I'm having a hard time understanding how a governing body assigns IP addresses, companies use BGP to advertise those IPs, and how the internet works. Then, where the hell does DNS come in?
Can anyone suggest a good read of how this stuff actually works? I suppose I have several questions. The first is, does ARIN (or any other governing body) actually matter? If they weren't around, would there be chaos? When they assign a block, they don't LITERALLY assign it? You have to use BGP to advertise, correct? I have always been used to a closed hosting environment (dedicated/shared) where you have routed IPs.
Then, how does DNS come in to play? With my registrar I am able to register a DNS server (eNom) - what does that actually mean? I've installed Bind and made all of that work, and I run my own DNS servers, but who are they registering that DNS server with? I just don't get it.
I feel like this is something I should know and I don't, and I'm getting really frustrated. It's like.. simple.. how does the internet work? From assigning IPs, to companies routing them, and DNS.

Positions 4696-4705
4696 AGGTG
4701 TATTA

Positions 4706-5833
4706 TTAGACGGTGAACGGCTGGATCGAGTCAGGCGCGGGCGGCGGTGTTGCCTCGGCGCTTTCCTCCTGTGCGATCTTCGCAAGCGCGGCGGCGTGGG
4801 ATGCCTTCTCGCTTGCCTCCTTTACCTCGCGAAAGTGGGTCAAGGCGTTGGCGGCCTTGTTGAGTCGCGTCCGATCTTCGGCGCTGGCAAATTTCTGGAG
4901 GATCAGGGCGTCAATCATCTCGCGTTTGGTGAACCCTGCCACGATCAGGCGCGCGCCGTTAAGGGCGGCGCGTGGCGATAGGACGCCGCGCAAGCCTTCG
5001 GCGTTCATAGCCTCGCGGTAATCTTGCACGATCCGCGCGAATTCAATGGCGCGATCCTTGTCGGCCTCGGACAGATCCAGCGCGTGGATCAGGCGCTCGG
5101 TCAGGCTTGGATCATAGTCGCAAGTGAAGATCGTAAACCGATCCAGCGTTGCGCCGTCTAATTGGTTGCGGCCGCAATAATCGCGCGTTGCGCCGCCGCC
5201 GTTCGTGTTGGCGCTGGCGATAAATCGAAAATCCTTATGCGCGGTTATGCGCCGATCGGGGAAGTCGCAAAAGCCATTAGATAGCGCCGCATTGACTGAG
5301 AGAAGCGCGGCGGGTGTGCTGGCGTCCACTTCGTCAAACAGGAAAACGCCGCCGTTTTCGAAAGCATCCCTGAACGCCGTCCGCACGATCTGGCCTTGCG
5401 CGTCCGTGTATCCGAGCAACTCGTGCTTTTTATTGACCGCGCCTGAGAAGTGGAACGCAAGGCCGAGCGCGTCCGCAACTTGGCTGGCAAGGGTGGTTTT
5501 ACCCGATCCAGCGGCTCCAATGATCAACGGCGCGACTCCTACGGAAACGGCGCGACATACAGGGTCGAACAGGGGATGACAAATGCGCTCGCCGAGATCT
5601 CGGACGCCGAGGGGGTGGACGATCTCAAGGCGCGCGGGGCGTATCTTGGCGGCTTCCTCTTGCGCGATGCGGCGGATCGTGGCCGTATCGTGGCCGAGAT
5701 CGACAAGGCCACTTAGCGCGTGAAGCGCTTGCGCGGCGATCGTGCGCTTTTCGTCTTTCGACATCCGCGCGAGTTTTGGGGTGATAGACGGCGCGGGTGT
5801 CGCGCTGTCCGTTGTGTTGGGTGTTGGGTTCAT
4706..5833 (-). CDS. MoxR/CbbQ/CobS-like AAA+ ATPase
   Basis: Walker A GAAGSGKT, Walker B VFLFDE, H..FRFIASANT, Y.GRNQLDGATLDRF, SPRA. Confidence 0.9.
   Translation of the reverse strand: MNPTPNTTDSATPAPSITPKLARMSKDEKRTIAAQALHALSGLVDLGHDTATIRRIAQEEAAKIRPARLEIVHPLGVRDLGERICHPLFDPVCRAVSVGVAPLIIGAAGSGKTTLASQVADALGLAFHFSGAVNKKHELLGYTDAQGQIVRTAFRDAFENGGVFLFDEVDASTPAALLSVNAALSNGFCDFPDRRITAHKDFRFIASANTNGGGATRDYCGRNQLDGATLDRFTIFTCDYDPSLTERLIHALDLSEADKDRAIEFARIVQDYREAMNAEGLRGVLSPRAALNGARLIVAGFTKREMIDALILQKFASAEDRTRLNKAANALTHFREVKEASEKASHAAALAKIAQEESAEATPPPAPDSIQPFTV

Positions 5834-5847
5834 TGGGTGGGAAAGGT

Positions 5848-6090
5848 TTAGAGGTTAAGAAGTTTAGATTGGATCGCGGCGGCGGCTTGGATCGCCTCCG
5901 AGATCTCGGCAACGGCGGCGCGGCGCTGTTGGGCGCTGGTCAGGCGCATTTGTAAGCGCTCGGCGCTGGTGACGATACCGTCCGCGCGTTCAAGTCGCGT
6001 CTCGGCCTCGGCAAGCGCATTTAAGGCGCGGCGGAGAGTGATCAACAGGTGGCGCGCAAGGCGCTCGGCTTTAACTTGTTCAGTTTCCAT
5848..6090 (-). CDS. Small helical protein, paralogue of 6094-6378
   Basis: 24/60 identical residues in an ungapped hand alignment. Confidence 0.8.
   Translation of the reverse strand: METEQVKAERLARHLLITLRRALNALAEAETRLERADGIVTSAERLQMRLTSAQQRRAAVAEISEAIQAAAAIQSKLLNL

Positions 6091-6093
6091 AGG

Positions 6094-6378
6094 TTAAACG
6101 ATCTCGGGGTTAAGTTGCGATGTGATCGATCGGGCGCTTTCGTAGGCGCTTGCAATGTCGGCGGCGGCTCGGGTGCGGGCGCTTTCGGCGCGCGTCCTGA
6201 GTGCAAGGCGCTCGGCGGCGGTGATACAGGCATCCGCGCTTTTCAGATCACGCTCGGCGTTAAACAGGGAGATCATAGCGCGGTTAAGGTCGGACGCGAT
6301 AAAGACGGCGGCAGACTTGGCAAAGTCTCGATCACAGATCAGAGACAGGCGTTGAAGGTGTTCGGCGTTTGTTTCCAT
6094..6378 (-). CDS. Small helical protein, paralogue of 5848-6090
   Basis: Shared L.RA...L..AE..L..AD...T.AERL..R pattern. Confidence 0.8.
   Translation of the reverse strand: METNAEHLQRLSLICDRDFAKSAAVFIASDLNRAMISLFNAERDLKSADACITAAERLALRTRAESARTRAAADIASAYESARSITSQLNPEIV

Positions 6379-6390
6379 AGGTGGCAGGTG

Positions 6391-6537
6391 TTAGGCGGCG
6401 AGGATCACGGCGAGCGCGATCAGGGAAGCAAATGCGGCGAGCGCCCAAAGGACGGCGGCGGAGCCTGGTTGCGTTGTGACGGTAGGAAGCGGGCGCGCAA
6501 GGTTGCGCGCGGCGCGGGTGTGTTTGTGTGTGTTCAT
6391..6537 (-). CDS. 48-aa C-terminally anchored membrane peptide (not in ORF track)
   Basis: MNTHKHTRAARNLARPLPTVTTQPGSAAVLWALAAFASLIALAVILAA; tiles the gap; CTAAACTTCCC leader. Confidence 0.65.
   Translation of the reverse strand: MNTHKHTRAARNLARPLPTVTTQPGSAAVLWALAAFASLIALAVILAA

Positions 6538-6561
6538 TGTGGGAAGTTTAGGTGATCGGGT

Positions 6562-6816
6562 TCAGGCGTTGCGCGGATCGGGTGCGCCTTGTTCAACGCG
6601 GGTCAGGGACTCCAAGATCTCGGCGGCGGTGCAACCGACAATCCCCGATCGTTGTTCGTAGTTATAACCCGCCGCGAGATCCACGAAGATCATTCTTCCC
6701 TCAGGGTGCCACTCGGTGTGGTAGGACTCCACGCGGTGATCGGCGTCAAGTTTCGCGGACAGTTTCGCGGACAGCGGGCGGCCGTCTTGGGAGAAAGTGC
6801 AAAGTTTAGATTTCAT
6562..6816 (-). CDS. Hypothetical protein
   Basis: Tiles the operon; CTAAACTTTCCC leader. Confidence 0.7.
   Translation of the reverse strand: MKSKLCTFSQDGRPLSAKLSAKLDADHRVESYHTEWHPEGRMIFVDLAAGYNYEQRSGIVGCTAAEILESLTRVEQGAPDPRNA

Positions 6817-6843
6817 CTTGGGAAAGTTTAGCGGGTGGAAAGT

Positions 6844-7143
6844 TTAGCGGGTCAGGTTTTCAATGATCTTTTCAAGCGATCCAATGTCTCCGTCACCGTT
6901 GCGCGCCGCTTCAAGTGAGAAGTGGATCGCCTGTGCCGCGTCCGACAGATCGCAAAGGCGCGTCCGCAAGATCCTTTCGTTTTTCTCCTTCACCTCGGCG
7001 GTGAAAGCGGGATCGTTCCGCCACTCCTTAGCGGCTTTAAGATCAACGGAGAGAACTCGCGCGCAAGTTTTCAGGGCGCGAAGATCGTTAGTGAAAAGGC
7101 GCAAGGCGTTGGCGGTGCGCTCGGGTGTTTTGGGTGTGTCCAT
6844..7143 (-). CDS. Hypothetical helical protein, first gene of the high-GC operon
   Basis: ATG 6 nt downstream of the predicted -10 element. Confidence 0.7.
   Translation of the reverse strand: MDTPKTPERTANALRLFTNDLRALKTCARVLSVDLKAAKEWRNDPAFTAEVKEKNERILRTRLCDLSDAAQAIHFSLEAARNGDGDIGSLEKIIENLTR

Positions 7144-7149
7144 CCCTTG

I guess I have an example - I have this IP space let's say 184.108.40.206/16 (example). The company has 220.127.116.11/17 internet facing. (First of all, why do companies get blocks of IPs assigned and then not use them? Why don't they use use reserved internal space 10.x and 192.x?). So, that's where I'm at. What would I do to actually get these IPs on the Internet and available? Let's say I have a data center in Chicago and one in New York. I'm not able to upload a picture, but I can link one here: http://begolli.com/wp-content/gallery/tech/internetworkings.png
I'm just trying to understand how from when the IP block is assigned, to a company using BGP (attaining a public AS #?), and then how DNS comes in to play?
What would something look like from my picture? I've tried to put together a scenario, not sure if I did a good job.